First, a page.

Volunteers, clients and pets filled the Veterinary Medicine Laboratory Facility to capacity on February 27, 2005 when veterinarians performed about 300 spay-neuter procedures as part of Spay Day.
Bennie I. Osburn, dean, describes the event as "the single largest spay-neutering undertaking in one location."
The school was one of 15 participants to accomplish 1,000 low-cost spays and neuters in a single day in the Sacramento area. The Sacramento Area Animal Coalition, a non-profit organization with ongoing programs to reduce companion animal overpopulation, coordinated the event. (Event organizers said that vouchers for surgeries to take place later will bring the total number of animals to 1,400 for the entire Spay Day effort.)
Why so many?
In Placer, Sacramento, Solano and Yolo counties alone, more than 30,000 animals are euthanized each year. There are not enough homes for them.
Spay-neuter programs provide a critical strategy to avoid this loss of life. Sacramento Area Animal Coalition officials expect that spaying and neutering 1,400 pets during Spay Day prevents the births of at least 14,000 unwanted animals--in just one year.
Associate Dean Janet Ilkiw explains, "Spay Day provides a major community service. We gladly volunteer for this extraordinary event to benefit animals immediately and help in the long-term fight against pet overpopulation."
What happens on Spay Day?
In the Veterinary Medicine Laboratory Facility, third-year students learn the essential veterinary skills of surgery and anesthesia under the supervision of faculty and experienced technicians. On Spay Day, the 28-table surgical suite and other specialized rooms turned into a clinic for the marathon spay-neuter event. Besides the surgery, each animal received a thorough veterinary examination, diagnostic testing, an identifying microchip, and vaccinations, if needed.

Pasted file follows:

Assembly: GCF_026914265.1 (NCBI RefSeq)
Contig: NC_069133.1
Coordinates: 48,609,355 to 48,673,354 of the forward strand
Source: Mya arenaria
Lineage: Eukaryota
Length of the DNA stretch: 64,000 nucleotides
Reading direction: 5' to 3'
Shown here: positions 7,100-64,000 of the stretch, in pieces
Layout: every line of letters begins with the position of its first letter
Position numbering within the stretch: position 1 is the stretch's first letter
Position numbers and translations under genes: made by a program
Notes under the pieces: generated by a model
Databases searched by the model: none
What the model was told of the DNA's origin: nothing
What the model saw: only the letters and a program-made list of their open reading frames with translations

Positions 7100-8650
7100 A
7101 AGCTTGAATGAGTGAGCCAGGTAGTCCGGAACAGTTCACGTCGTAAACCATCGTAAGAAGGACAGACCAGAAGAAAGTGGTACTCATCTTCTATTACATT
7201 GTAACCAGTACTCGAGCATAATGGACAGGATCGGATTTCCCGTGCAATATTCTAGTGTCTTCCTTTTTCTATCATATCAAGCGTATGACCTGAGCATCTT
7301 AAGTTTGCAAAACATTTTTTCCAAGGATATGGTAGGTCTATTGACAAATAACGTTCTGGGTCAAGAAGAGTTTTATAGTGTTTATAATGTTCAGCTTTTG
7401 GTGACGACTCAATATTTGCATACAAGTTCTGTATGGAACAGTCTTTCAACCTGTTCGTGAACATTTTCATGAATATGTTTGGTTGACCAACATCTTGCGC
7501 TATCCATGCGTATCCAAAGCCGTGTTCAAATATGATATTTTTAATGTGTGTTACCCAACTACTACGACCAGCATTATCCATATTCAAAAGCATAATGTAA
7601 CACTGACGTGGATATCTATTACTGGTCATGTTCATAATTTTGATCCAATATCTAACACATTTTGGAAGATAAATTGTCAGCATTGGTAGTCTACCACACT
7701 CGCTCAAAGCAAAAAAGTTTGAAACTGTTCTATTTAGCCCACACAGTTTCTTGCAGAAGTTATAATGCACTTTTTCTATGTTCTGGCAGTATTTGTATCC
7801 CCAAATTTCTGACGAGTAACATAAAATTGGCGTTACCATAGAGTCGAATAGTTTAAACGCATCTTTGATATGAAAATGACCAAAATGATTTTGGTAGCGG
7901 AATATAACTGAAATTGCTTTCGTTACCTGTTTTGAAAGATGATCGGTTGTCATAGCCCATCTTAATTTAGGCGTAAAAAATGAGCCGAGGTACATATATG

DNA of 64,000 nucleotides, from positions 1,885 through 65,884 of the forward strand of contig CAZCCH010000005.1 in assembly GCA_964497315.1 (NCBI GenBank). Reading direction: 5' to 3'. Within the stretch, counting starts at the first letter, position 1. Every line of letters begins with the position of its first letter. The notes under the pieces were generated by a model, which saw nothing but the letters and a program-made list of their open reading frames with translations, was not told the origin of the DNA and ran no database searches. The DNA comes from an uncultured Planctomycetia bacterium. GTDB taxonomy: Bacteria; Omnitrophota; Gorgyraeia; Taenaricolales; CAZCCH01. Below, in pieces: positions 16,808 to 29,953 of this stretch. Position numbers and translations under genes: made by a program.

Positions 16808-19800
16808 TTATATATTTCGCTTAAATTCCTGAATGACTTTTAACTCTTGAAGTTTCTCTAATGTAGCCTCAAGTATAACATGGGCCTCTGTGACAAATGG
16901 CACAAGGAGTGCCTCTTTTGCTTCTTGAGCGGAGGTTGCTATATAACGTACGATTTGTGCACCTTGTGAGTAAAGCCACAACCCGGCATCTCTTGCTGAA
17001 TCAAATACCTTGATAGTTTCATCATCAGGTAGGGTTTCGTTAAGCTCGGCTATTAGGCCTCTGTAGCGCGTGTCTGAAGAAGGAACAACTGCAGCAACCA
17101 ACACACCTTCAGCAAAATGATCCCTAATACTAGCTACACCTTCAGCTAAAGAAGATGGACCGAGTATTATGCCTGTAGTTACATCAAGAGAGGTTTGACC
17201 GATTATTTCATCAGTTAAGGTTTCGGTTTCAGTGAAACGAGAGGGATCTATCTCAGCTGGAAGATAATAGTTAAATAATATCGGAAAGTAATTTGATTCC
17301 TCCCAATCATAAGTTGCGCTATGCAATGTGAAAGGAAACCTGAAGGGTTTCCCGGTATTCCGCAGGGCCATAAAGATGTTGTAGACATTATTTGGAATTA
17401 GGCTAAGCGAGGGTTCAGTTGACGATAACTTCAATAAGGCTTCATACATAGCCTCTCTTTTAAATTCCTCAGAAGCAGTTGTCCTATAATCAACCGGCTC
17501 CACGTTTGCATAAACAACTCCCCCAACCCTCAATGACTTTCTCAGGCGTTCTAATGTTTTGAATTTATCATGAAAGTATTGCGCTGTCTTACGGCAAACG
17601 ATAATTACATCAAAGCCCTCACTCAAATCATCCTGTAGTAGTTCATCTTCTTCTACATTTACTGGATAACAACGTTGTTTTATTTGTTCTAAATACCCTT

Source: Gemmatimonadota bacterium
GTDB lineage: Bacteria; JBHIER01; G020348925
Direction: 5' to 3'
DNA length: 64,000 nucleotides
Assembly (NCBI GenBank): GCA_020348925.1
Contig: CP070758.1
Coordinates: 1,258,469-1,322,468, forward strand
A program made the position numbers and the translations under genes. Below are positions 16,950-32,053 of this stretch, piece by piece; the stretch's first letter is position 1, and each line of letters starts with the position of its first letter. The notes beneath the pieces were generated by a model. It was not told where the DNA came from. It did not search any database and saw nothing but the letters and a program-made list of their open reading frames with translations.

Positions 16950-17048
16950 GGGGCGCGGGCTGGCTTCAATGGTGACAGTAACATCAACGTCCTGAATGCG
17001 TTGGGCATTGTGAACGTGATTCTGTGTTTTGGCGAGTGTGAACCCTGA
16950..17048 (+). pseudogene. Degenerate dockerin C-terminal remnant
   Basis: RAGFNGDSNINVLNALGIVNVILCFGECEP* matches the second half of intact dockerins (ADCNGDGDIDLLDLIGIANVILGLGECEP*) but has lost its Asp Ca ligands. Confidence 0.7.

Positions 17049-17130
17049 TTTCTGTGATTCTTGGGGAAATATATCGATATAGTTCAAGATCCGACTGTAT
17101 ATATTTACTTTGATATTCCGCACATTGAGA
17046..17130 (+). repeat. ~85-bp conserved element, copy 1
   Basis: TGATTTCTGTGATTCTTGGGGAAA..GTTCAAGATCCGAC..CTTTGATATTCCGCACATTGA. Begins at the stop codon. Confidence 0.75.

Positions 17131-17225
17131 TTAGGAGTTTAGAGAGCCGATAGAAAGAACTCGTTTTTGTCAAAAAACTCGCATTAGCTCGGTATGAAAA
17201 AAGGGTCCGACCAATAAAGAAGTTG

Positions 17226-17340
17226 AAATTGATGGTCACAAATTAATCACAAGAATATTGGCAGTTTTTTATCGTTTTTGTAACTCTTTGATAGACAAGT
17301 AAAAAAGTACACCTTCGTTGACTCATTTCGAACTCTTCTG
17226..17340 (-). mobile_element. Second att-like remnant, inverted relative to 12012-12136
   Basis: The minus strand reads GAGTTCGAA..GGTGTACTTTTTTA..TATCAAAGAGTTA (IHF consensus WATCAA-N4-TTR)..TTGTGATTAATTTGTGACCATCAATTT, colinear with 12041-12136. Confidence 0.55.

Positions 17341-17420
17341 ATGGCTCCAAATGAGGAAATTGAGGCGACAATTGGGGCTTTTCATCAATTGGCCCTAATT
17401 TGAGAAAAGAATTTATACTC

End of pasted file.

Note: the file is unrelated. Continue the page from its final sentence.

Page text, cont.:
Students served in the essential role of guardian. They cared for pets throughout the process. Qualified students assisted with anesthesia, surgical preparation, diagnostic testing and other selected procedures. Faculty and resident clinicians conducted thorough health exams, diagnostic testing, anesthesia and surgery.
Coordinators spent weeks to organize the event, gather materials and equipment, and recruit appropriate volunteers for each task. This year, many new volunteers from other parts of the UC Davis campus joined the School of Veterinary Medicine ranks to handle non-clinical activities before and during Spay Day. This diverse group included a staff member in the Institute of Transportation Studies, a civil engineering student and many pre-vet undergraduates, among others. In all, approximately 500 people spent part or all of their Sunday helping with the event.
"Fixing" the problem of abandoned pets
Companion animal overpopulation, says Jennifer Fearing, Spay Day's coordinator, cannot be "fixed" in a single day, yet the Spay Day effort brings measurable progress in the ongoing problem of pet overpopulation.
Dean Osburn concludes, "Spay Day makes a significant difference in animal health and well-being in our communities. A huge thank you goes to our volunteers for their unselfish gesture to help low-income families and, above all, companion animals."
To sign up cats or dogs for future spay-neuter events, families should call (916) 808-SPAY or visit the Web site of the Sacramento Area Animal Coalition.
Other online resources from the School of Veterinary Medicine
Shelter Medicine Program
Early-age Neutering: A Practical Guide for Veterinarians, an instructional video